Aren’t they gorgeous?

There are more than 25,000 species of orchids worldwide. In the Mexican tropics, where we live, orchids pretty much raise themselves. They thrive in the humidity and shade, clinging to a tree trunk. They are epiphytes, non-parasites, living on another plant, wild and free. They’re a delightful surprise to find while walking around the property, a pop of color and in some cases a whiff of sublime fragrance.

So delicate.
This beauty ( Phaelaenopsis or moth orchid) bloomed for three months in the earlier part of this year.

So kick back. Enjoy whatever is blooming in your life, yard or neighborhood. Life is good and I’m grateful.

DOS TORTAS

Finding My Way

25 Apr

Swimming has now become a daily routine. I no longer have to brace myself for the plunge into chilly water, as days are creeping into the 90s (32c) on Laguna Bacalar in southern Mexico. The water is getting noticeably warmer and in a month or so, it will feel like stepping into a bath.

I have been working on my swimming stroke for years studying and practicing Total Immersion Swimming. I point my nose toward the bottom, keeping my neck and spine aligned. Catch and pull toward my thigh while cork screwing my body through the water. Pull, rotate, pull rotate, 1, 2, 3. Kicking is not the frantic churning of feet in an effort to propel oneself through the water. Stroke, kick, stroke, kick. It’s a beautiful dance gliding with the grace of a porpoise (at least I try) rather than laying flat like a squat tugboat. 163, 164, 165.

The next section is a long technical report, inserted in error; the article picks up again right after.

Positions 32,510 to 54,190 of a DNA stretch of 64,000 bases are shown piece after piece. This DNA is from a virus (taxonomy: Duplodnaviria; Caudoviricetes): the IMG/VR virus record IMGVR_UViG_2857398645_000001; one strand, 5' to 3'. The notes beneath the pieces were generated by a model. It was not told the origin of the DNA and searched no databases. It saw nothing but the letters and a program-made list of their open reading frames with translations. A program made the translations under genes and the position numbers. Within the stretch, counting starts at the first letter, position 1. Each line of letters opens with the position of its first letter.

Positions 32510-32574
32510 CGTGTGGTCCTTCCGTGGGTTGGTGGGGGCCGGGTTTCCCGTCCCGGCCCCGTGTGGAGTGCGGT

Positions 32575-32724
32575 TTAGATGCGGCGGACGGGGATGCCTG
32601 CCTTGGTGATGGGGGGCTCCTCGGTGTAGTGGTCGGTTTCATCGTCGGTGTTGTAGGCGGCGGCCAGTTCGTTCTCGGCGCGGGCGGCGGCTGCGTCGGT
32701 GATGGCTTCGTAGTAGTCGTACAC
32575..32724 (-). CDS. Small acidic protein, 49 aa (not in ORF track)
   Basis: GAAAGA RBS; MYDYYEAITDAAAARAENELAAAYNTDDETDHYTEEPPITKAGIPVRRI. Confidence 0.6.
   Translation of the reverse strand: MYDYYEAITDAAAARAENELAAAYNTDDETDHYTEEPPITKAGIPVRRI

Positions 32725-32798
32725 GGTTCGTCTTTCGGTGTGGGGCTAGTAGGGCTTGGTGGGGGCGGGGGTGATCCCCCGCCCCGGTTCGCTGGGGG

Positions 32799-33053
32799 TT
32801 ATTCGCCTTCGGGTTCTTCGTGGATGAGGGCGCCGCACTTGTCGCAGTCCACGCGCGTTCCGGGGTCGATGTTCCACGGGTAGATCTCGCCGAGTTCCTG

Sometimes I count, sometimes I sing, “Imagine all the people, living life in peace, you ooo may say I’m a dreamer….” I also like to float on my back watching the clouds and the birds. An occasional kayaker passes but for the most part the lake is all mine.

There is one thing, with all this pulling, and singing and counting, I am swimming all over the place. There are no lane lines as in a public pool and I’m not sure if it’s the currents, the wind or my uneven pull, but one minute I’m paralleling the coast and the next I’m heading for open water. I zig and zag and without repeatedly lifting my head, I never know where the heck I am.

My goal is to reach that point off in the distance.